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Starbucks Union has won 16 elections and lost only one.

The union has petitioned for elections at around 200 outlets throughout the country.

On Friday, workers at all three Ithaca, New York, sites of the coffee company voted almost overwhelmingly to join the union Workers United. The results for the three shops were 19-1, 13-1, and 15-1.

Meanwhile, employees at a business in Overland Park, Kansas, voted 6-1 to unionize, though numerous ballots have been contested and might yet influence the decision. The union stated that it expected to win after the National Labor Relations Board, the federal agency in charge of overseeing union elections, reviews the legitimacy of the contested ballots.

The election successes on Friday followed three other victories the day before, when employees at a group of Starbucks locations in Buffalo and Rochester, New York, decided to unionize. Following this week's vote counts, the Starbucks Workers United campaign has won 16 elections and lost only once, and it now represents hundreds of workers across numerous states.

Overall, the campaign has filed for elections at around 200 outlets across the country, implying that many more will opt to unionize. Starbucks has around 9,000 corporate-owned outlets in the United States, and these are the country's first to have union representation.

Senators Bernie Sanders (I-Vt.) and Elizabeth Warren (D-Mass.) complimented the campaign on its success on Friday, calling it "a huge example to workers all throughout the country."

Starbucks has spoken out against the union effort and attended meetings with employees to encourage them to vote no. Starbucks has been able to postpone elections by filing appeals with the NLRB, saying that employees should vote in regional elections rather than for individual locations, but the labor board has rejected Starbucks' claims.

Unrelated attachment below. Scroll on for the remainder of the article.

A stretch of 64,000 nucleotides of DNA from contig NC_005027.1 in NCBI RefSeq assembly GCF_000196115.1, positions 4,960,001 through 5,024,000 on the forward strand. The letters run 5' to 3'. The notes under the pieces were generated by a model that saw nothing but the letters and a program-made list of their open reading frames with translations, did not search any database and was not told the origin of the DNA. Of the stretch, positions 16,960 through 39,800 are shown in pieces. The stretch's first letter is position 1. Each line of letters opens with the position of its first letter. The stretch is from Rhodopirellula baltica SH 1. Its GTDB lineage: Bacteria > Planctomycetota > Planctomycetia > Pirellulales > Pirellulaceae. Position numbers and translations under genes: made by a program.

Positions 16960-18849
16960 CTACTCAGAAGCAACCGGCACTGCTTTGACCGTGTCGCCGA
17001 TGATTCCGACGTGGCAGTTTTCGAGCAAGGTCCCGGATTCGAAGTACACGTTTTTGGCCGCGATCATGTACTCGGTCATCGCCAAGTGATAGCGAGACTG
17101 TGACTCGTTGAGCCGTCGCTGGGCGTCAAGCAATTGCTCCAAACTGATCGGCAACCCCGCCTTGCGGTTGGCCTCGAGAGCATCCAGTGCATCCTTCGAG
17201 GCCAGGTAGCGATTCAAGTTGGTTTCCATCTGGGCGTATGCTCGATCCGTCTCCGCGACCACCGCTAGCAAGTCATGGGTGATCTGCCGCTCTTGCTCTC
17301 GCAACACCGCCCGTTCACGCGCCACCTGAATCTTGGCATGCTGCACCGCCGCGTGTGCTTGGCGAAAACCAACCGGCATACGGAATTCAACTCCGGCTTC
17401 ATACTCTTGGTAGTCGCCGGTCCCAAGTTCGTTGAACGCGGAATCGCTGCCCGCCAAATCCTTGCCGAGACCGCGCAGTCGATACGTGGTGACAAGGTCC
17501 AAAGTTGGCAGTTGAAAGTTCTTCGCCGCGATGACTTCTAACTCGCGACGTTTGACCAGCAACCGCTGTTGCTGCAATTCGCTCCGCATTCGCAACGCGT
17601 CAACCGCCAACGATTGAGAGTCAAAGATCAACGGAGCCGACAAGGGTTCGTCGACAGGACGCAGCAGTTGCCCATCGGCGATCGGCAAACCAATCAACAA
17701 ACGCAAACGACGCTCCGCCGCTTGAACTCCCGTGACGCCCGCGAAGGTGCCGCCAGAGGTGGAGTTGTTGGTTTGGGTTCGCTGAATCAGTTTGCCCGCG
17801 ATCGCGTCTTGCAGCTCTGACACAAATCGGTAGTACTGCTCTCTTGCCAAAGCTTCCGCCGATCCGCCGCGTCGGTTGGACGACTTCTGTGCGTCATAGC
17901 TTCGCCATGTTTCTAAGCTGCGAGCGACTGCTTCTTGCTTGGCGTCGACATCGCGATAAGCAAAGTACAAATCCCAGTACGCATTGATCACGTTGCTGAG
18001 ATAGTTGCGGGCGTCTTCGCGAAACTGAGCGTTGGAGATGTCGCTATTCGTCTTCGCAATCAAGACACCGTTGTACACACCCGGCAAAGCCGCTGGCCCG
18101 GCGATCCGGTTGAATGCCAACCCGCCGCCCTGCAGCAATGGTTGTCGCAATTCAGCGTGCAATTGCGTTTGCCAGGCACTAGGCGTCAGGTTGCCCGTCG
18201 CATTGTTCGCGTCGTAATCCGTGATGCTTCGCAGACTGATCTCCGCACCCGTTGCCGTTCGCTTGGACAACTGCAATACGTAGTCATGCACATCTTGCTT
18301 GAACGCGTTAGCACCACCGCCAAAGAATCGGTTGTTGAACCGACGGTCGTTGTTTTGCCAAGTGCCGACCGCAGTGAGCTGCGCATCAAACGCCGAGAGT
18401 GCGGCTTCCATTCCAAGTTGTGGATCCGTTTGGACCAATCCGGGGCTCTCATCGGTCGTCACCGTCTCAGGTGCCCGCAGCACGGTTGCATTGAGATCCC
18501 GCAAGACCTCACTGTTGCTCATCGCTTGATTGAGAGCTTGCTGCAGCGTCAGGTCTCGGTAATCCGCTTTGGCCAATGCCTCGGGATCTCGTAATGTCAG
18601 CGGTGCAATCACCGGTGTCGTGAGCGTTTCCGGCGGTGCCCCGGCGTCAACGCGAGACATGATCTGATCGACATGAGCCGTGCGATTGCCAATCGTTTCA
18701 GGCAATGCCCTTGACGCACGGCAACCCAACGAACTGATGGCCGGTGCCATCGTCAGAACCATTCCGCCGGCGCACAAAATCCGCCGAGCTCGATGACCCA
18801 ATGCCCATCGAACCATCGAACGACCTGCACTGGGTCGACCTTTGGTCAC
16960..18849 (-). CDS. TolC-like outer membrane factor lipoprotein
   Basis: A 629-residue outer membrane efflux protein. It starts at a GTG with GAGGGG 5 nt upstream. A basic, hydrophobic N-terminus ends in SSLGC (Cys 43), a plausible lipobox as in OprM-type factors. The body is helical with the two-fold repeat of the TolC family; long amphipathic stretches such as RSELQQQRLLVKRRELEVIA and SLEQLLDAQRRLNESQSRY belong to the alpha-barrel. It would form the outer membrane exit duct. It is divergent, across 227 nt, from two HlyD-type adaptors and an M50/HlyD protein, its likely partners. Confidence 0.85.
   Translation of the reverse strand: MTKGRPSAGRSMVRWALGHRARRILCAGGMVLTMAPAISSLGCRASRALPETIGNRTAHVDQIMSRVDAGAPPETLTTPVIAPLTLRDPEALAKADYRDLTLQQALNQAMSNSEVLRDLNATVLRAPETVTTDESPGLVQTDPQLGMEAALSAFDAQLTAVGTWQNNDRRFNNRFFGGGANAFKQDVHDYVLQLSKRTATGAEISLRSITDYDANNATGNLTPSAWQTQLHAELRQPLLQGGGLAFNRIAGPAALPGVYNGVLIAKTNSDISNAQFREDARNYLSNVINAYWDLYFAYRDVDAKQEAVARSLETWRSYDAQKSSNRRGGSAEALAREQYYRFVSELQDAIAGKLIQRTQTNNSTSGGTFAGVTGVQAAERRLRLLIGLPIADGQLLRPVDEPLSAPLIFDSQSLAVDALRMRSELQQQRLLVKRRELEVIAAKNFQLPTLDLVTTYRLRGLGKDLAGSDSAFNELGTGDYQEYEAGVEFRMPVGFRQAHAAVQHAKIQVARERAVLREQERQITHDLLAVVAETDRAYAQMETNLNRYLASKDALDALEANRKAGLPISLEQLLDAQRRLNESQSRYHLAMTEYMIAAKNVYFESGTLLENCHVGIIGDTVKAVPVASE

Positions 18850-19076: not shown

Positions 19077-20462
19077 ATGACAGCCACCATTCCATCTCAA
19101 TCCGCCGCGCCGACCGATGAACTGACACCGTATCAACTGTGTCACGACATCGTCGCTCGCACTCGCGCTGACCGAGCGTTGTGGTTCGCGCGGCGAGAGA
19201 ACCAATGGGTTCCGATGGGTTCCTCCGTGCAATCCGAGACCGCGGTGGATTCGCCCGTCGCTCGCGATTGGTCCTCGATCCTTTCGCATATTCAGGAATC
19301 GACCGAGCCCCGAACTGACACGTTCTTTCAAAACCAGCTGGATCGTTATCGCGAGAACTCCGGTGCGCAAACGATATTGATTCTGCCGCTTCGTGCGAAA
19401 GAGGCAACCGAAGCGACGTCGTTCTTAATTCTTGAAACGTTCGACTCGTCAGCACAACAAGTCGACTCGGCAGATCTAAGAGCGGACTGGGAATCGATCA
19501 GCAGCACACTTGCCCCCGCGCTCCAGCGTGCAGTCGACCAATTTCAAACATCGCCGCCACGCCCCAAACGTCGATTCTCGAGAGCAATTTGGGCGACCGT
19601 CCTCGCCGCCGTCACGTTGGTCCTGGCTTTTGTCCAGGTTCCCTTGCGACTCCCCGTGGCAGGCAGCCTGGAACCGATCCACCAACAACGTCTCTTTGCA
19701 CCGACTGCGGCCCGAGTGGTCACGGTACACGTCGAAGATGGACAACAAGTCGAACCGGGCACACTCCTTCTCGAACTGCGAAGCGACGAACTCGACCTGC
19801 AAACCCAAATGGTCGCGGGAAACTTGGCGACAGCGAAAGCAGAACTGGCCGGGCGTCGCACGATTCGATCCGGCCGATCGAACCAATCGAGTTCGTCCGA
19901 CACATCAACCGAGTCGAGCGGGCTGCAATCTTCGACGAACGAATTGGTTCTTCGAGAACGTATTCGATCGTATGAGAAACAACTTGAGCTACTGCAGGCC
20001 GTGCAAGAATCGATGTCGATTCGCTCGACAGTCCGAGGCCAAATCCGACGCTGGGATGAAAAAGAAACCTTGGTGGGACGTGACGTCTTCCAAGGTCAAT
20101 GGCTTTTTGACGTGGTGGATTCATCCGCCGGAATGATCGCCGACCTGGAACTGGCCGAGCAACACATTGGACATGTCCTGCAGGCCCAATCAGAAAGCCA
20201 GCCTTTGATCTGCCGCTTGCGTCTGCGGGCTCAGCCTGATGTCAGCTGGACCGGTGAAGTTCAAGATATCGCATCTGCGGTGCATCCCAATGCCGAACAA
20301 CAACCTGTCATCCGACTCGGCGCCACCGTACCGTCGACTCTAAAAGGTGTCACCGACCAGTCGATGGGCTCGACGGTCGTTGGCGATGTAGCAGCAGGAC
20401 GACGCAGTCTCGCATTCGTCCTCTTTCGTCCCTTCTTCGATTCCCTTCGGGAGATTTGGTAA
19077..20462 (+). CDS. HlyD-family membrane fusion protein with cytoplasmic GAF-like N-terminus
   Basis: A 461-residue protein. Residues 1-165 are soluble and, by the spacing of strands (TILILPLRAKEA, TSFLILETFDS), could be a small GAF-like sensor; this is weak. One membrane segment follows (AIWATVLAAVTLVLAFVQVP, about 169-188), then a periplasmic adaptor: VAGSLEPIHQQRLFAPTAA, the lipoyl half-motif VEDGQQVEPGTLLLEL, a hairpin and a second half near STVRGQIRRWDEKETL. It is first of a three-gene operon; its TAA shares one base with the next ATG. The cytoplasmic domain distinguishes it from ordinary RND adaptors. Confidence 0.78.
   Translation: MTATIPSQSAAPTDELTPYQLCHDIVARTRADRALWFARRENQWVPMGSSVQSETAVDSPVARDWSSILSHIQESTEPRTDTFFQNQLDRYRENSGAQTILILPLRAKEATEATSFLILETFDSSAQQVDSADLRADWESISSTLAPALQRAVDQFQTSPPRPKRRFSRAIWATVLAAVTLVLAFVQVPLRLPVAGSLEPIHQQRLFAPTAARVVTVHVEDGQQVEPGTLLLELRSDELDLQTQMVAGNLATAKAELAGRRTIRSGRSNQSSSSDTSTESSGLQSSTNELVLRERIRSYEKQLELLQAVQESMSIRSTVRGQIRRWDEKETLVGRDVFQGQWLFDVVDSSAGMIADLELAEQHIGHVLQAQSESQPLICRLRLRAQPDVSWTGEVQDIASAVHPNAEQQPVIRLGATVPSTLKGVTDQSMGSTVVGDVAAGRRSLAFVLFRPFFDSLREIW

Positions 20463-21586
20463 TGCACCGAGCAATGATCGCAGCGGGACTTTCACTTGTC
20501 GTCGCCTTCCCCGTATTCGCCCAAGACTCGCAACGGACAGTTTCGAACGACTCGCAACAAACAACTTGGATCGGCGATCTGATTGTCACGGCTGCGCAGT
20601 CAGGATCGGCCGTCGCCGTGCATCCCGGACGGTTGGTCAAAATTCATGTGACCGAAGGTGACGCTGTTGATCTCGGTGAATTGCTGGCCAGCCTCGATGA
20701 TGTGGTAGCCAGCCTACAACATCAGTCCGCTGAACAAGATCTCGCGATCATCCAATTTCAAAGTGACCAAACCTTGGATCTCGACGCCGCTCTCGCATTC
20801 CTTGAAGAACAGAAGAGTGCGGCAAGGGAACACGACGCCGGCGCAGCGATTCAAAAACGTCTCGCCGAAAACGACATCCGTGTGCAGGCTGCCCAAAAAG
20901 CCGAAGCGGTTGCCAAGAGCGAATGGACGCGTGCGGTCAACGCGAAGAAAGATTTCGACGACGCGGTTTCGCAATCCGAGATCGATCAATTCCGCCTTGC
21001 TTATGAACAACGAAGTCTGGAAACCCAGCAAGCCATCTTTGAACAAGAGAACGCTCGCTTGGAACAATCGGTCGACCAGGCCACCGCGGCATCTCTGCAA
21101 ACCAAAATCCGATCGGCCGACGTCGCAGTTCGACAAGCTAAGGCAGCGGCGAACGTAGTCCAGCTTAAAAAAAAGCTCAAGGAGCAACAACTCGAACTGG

Several workers who were union advocates were dismissed by the corporation, including seven from a store in Memphis, Tennessee. Workers United has filed accusations with the labor board, claiming that the firings are punitive and intended to weed out union supporters. Starbucks has stated that the Memphis employees were dismissed because they violated company rules by letting non-employees inside the store after hours.

According to Stockopedia, the labor board has ruled that the Memphis firings were illegal and that it wants to file a lawsuit against Starbucks unless the corporation agrees to settle. Workers may be rehired as a result of the labor board's activities.

The Starbucks effort began last year in Buffalo, where the first store was unionized in December. Since then, the organizing campaign has taken off like wildfire, with the union launching new election petitions every week.

Former CEO Howard Schultz has returned to the company's management as it faces the organizing drive. In a recent meeting with employees, Schultz stated that he was not anti-union, but he depicted the union drive in a negative light.

"We can't ignore what's going on in the country as it relates to firms all throughout the country being besieged in various ways by the danger of unionization," he added.

Starbucks' unionization attempt coincides with Amazon's expanding organizing campaign. Workers at the JFK8 plant in Staten Island, New York, voted 2,654 to 2,131 in favor of joining the new Amazon Labor Union, becoming the company's first in the United States. Workers there withstood a ferocious anti-union effort led by Amazon executives and outside consultants.

Amazon has already indicated that it wants to file a lawsuit and have the election results overturned.

"The Starbucks campaign has filed for union elections at around 200 of the company's locations across the country."

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